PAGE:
Confused by conditions for smoothness for a complex curve. Tangent exists vs smoothness

by Ameet Sharma   Last Updated September 21, 2018 13:20 PM

Dealing with curves in the complex plane... curves of the form

$$z(t) = x(t) + iy(t)$$

I'm looking at page 2 of the notes here. The conditions for smooth curves.

https://sites.oxy.edu/ron/math/312/14/ws/17.pdf

In my mind, a parametrized curve is smooth at a particular t if the curve has a tangent line at that t. And for that I'd think having $z(t)$ be continuous and having $z'(t) \ne 0$ would be sufficient.

But the notes require the stronger condition of $z'(t)$ being continuous. I'm wondering why.

So I have 2 questions.

1) Is my idea that a tangent line only requires $z(t)$ be continuous and $z'(t)$ exists and is nonzero wrong (ie do I need the additional condition that $z'(t)$ is continuous?)

2) Is smoothness at a point the same as having a tangent line at a point or is it something else?



Answers 1


It depends on the definition. The existence of a tangent line of the curve parameterized by $z\colon I\subset \mathbb R \rightarrow \mathbb C$, at $t_0\in I$ is equivalent to the existence of $z'(t_0)$ and $z'(t_0)\neq0$. In that case, the tangent line has equation $$l(t)=z(t_0)+t\cdot z'(t_0).$$

With the definition you mention, you have to add the fact that $z'(t)$ is defined around $t_0$ and that it be a continuos function at $t_0$ to say the curve is smooth at that point. But really, that depends on the author.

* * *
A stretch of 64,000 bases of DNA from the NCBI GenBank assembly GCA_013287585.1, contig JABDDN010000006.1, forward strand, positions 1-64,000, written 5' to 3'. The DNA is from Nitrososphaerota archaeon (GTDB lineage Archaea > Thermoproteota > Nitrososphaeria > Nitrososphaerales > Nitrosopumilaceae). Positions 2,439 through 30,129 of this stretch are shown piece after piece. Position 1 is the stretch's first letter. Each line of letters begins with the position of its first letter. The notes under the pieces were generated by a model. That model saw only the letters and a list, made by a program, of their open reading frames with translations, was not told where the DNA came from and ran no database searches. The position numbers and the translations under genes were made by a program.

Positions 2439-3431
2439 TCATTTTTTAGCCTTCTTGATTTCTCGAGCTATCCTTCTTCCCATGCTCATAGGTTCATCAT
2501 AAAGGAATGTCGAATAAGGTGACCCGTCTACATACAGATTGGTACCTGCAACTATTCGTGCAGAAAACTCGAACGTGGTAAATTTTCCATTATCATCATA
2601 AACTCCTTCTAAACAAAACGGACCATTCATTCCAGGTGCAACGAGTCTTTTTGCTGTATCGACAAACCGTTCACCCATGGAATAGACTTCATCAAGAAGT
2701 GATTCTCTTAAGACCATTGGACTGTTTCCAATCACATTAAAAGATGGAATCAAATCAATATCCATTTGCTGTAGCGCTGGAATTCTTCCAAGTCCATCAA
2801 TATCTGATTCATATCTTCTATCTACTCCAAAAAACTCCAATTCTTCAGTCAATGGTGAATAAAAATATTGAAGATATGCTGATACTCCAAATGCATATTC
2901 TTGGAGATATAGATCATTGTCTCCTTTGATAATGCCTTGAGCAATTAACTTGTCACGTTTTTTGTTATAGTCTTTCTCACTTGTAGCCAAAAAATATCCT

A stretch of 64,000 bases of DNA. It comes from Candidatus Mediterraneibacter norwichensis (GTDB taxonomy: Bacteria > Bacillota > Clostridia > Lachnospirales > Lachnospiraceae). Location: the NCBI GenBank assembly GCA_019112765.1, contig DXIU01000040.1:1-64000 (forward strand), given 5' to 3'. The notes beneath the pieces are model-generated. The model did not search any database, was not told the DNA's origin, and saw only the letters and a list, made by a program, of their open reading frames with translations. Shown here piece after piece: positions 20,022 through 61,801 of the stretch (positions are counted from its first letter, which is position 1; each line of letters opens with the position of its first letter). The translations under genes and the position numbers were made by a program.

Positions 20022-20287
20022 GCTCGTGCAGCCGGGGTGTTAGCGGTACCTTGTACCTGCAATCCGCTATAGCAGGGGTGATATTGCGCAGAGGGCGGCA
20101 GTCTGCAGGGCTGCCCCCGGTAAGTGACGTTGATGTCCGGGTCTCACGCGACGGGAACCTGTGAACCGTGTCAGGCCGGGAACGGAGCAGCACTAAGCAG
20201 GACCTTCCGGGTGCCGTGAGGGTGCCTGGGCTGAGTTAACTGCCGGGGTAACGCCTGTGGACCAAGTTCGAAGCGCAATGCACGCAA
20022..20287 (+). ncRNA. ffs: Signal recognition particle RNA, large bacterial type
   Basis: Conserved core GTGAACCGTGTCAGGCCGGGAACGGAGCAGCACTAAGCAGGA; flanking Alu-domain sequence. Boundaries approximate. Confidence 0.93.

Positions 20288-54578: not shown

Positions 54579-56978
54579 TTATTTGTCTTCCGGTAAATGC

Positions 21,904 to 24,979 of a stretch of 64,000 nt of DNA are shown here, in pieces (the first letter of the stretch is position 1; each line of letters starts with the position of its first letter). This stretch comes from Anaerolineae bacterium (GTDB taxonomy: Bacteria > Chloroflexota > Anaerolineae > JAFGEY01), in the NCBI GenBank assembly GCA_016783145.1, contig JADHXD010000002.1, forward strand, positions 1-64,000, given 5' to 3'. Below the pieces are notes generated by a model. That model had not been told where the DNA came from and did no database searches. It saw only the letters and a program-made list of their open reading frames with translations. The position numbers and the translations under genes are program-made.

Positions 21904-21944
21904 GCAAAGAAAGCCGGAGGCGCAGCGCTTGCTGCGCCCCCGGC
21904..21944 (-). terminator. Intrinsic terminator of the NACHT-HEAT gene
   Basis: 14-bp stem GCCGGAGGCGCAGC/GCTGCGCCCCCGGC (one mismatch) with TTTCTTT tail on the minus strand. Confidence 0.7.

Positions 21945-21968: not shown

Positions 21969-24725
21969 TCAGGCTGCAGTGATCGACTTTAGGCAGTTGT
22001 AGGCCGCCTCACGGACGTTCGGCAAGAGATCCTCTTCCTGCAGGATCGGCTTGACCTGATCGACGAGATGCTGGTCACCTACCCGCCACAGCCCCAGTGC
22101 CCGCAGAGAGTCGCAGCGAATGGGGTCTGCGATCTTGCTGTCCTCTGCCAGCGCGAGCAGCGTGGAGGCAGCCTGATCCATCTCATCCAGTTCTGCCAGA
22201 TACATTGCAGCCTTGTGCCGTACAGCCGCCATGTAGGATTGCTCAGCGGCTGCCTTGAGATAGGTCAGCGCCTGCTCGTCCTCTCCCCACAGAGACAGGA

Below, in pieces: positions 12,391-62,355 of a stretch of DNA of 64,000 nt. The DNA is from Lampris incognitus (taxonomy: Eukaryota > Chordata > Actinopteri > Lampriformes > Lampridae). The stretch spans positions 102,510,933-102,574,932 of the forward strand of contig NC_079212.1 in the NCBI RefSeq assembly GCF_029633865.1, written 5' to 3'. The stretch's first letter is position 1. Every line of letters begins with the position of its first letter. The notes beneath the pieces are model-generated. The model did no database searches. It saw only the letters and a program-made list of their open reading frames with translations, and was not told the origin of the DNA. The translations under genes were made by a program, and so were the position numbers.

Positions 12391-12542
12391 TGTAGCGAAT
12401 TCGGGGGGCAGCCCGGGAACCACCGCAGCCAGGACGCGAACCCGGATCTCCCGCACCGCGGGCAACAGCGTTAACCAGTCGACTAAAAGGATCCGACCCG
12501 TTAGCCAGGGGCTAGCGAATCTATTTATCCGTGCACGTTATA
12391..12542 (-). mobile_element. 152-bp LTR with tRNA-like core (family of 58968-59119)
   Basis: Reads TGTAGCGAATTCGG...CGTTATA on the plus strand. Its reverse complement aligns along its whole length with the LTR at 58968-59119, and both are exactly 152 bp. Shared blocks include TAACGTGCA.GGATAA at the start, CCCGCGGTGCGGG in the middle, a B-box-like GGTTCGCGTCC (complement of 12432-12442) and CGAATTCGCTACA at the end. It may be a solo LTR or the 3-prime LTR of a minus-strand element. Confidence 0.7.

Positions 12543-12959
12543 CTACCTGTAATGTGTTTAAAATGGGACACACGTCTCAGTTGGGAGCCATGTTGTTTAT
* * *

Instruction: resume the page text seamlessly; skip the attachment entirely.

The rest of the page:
For instance, if $z\colon \mathbb R\rightarrow \mathbb C$ is given by $$z(t)=\left\{\begin{matrix}t+i\cdot t^2\sin\left(\frac1t\right)& \text{if}&t\neq0\\0& \text{if}&t=0,\\\end{matrix}\right.$$ then it can be proven that $z'(t)$ exists in the whole domain and that $$z'(t)=\left\{\begin{matrix}1+i\cdot \Big( 2t\sin\left(\frac1t\right)-\cos\left(\frac1t\right)\Big)& \text{if}&t\neq0\\1& \text{if}&t=0,\\\end{matrix}\right.$$

But this function is not continuous at $t=0$ since $$\lim_{t\to0}z'(t)$$ does not exist (it does not exist the limit of the imaginary part).

Alejandro Nasif Salum
Alejandro Nasif Salum
September 20, 2018 22:37 PM

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